Supercars are like David Copperfield or David Blaine. They’re the cars that people expect a certain flair from. See them, drive them, and come away impressed that something can be so… fantastic. They’re also masters of misdirection and stardom.
Engines: 1.5-liter turbocharged three-cylinder + electric motors
Output: 369 hp and 420 lb-ft of torque
Transmission: 6-speed automatic
0-60 mph: 4.4 seconds
0-100 km/h: 4.6 seconds
Fuel Economy (MPG): 69 MPGe combined, 27 MPG
Fuel Economy (l/100 kms): 3.4 l/100kme, 8.7 combined
Price (USD): $163,300
Price (CAD): $169,900
The BMW i8 stands out, though, because it provides a lot of magical experiences, yet still has to convince people that it’s a supercar too.
Looking at the i8, there’s no doubt that it’s a supercar, and the drop-top model we tested had a little magic of its own, as the rear seats in the Coupe have disappeared entirely, and there is also a flashy power-retractable top, which takes just about 16 seconds to operate. It helps the hybrid BMW look like a bonafide transformer while in operation with its butterfly doors swung open.
It’s eye-catching, and people stare deeply at it when it drives by. Some open their mouths and you can see them mouthing “BMW?” Of course, if the roof is down, you can hear them exclaim in confusion/joy about the roundel-badged rarity driving by. This again reminds me of being at a magic show as people blurt out their amazement with no filter.
The car features bodywork that provides additional aerodynamics and looks really organic, flowing in and out, without any abrupt lines. I love the opening by the rear quarters of the car, something you can see through the side-view mirrors while driving around town. The roofless version of the car is even prettier than the Coupe, and the convertible top feels high quality, not flapping or causing any additional noise or vibration when you’re on the road.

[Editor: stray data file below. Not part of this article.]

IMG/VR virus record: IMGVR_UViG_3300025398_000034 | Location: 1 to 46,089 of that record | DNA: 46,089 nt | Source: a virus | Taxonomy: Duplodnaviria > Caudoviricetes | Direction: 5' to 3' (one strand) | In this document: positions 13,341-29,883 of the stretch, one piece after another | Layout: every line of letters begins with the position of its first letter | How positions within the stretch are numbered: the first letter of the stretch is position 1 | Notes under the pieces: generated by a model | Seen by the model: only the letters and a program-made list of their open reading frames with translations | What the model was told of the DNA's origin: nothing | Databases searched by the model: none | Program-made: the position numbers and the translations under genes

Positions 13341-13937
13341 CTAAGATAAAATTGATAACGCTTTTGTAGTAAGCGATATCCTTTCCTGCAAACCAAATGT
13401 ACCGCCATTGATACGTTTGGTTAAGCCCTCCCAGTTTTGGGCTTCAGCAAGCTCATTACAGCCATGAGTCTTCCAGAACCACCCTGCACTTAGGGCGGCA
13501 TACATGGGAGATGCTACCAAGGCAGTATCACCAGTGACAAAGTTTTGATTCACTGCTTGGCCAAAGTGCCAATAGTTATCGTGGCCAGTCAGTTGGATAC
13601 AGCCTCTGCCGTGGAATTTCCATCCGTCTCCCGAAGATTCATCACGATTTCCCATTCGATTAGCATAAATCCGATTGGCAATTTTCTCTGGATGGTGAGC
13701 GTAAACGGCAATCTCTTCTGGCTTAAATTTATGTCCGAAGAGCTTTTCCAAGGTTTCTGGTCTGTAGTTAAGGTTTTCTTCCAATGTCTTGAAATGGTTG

There’s a new “Roadster” badge on the car too, to help you identify the car I suppose. However, on one side, the top part of the R on Roadster is moved, to demonstrate that the car features a removable roof. It’s kind of cute, but also strange as it reads like “Toadster” if you don’t know what you’re looking at.
Not much has changed inside the car, and there’s not too much to impress here. The leather is accented by carbon-fiber trim that has a nice texture and feel. It’s a bit disappointing to see the last generation of BMW infotainment in this modern looking car, rather than the newer tech found on something like the X5 or 5 Series. There’s a HUD here too, but it looks ancient in comparison to the recently revealed X5. If the i8 is a supercar or halo product for BMW, every item should be top of the line.
See Also: 2019 BMW X5 Review
But then again, the i8 has a more subtle mission: demonstrate that its cool to be green. This plug-in hybrid is built with a mind on lowering its ecological footprint, doing its part to limit the impact modern cars have on the environment. Being made with sustainability in mind is one aspect, but the powertrain is another.
Mounted behind the cabin in the middle of the car is a three-cylinder turbocharged engine, which works in tandem with electric motors to give this car about 369 combined horsepower and 410 lb-ft of torque. I imagined that this took some BMW engineers a lot of restraint, we’re talking about a company that puts a 600 horsepower twin-turbo V8 in its executive sedan and sends Journalists to track events with its big SUV.